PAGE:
# Endpoint configuration
drand exposes up to four endpoints, depending on the flags passed in.
The private drand API endpoint is used to communicate with other nodes using gRPC. The private API is always enabled.
If no flag is given,
drand will bind to the address used when generating the node's keypair.
If you want
drand to listen on a different interface and/or port, you can pass the
--private-listen flag and
host:port to bind to. Note that the addresss associated with the keypair must be publicly accessible
and mapped to the
--private-listen address, for example using a reverse proxy.
While the private API is primarily intended for inter-node communication, it may be exposed to the internet to allow clients
to fetch randomness over gRPC using the
drand get command and/or
This will not allow access to any secret information, but we generally recommend restricting gRPC access using firewall
rules to limit the potential for denial of service attacks.
The control API endpoint is used by the
drand command to control a running drand daemon using commands like
The control interface is always enabled and bound to the
localhost interface. The default port is
8888, but this can be
overridden with the
--control flag. If you use a non-standard control port, you will also need to use the
when running other commands such as
The control API exposes private information, therefore, the control port must not be exposed to the internet and should be used only from the local machine where the
drand daemon is running.
The remaining endpoints are optional, and will only be enabled if the flags are given.
The public HTTP endpoint provides an API that clients can fetch randomness from. To enable it, pass in the
--public-listen flag and specify the
host:port that you want to listen on. This endpoint exposes no sensitive
information and is safe to expose to the internet. Alternatively, you may keep this endpoint behind a firewall and
expose randomness to the public with the help of a relay server such as
Finally, the metrics endpoint provides an API for observing runtime metrics about the drand node. It can be enabled
--metrics <metrics-port> flag. See drand Metrics for more details on accessing the metrics.
The metrics API may expose sensitive information about the running
drand daemon, and should not be exposed to the public internet.
# TLS configuration
--tls-key commands give the path to TLS certificates and keys needed for
drand to provide TLS protection
to its connections with other
drand nodes. If you are using a reverse proxy as described in the Deployment Guide,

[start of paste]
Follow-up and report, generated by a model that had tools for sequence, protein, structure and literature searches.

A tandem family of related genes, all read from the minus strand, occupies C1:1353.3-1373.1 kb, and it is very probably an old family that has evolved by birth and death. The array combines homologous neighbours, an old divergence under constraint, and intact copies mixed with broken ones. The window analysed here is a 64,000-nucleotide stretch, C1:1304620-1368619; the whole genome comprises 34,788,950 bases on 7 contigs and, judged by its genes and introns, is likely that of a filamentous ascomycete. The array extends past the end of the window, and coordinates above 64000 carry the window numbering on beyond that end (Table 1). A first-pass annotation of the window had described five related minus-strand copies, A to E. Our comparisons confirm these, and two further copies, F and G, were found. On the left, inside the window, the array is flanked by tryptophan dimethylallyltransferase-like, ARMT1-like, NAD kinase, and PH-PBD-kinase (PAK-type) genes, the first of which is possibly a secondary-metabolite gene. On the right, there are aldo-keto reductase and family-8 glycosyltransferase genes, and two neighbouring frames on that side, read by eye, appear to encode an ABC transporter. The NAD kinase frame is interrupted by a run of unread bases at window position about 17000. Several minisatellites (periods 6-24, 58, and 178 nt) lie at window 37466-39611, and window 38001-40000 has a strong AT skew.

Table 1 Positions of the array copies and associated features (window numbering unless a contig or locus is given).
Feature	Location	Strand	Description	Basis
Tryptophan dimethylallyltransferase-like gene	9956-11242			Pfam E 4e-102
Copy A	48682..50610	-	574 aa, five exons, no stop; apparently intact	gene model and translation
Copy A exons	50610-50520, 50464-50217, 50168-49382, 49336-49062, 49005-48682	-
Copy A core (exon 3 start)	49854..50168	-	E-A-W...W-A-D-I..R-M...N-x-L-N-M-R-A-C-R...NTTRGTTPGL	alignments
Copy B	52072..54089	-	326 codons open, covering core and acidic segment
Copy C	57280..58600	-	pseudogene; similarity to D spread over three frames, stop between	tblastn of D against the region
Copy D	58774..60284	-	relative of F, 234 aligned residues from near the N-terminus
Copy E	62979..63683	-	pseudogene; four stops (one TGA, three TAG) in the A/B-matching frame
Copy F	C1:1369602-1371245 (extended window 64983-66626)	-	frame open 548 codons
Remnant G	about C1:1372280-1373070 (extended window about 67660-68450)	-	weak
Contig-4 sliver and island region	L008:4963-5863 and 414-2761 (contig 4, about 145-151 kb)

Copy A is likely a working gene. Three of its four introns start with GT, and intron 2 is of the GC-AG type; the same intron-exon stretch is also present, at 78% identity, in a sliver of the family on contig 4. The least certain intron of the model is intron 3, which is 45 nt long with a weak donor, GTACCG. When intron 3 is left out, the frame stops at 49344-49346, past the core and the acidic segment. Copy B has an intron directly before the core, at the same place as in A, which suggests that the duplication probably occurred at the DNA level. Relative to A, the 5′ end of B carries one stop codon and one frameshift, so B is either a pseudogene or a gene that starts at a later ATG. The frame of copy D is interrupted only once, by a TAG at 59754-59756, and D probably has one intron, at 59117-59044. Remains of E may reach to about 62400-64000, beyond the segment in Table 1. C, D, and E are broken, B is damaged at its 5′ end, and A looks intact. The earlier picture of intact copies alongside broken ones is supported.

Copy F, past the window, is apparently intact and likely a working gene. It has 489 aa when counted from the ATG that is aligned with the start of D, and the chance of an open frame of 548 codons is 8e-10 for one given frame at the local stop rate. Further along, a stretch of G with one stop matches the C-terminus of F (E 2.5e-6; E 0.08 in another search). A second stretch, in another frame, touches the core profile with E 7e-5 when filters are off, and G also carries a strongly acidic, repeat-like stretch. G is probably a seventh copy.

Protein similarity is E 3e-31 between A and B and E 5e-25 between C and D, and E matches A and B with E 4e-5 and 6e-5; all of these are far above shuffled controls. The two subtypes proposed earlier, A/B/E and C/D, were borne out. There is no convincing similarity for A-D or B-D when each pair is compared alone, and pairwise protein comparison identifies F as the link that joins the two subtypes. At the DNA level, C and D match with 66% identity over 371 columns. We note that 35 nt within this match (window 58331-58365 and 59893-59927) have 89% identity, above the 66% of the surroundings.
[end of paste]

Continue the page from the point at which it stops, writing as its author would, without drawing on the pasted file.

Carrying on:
you should pass the
--tls-disable flag, as the proxy will handle TLS instead of
--tls-disable flag may also be used to run without TLS entirely, but we do not recommend disabling TLS except for local
drand development. If you do run without TLS, you must also provide the
--tls-disable flag when
generating your key.
For more on TLS setup, see the Deployment Guide.
stop command tells the
drand daemon to shut down.
If the daemon was started with a non-standard control port, you must use the
--control flag to specify the control port
share command tells the
drand daemon to begin the Distributed Key Generation (DKG) protocol to create private key shares
with the other drand nodes.
share command must be used when setting up a new drand network before randomness generation can begin. It may also be
used after the network is running to "re-share" the key material, which allows us to change the members of the drand network
without interrupting the generation of randomness.
For details about to running the initial DKG, see the Deployment Guide.
NAME: drand share - Launch a sharing protocol. USAGE: drand share [command options] [arguments...] OPTIONS: --tls-disable Disable TLS for all communications (not recommended). (default: false) --control value Set the port you want to listen to for control port commands. If not specified, we will use the default port 8888. --from value Old group.toml path to specify when a new node wishes to participate in a resharing protocol. This flag is optional in case a node is alreadyincluded in the current DKG. --timeout value Timeout to use during the DKG, in string format. Default is 10s --source value Source flag allows to provide an executable which output will be used as additional entropy during resharing step. --user-source-only user-source-only flag used with the source flag allows to only use the user's entropy to pick the dkg secret (won't be mixed with crypto/rand). Should be used for reproducibility and debbuging purposes. (default: false) --secret value Specify the secret to use when doing the share so the leader knows you are an eligible potential participant --period value period to set when doing a setup --nodes value number of nodes expected (default: 0) --threshold value threshold to use for the DKG (default: 0) --connect value Address of the coordinator that will assemble the public keys and start the DKG --out value save the group file into a separate file instead of stdout --leader Specify if this node should act as the leader for setting up the group (default: false) --beacon-delay value Leader uses this flag to specify the genesis time or transition time as a delay from when group is ready to run the share protocol (default: 0) --transition When set, this flag indicates the share operation is a resharing. The node will use the currently stored group as the basis for the resharing (default: false)
The node that begins the sharing procedure should run with the
--leader flag. The other nodes use the
--connect <leader-addr> flag, passing
in the address of the leader. All of the nodes must specify the following values:
--secret- a secret value, shared out-of-band with the other node operators. When re-sharing, this may be distinct from the secrets used for any prior DKG rounds.
--period- sets the interval between rounds of the drand beacon chain. This must be a string that's parse-able by Golang's time.ParseDuration function (opens new window), for example "30s" or "1m".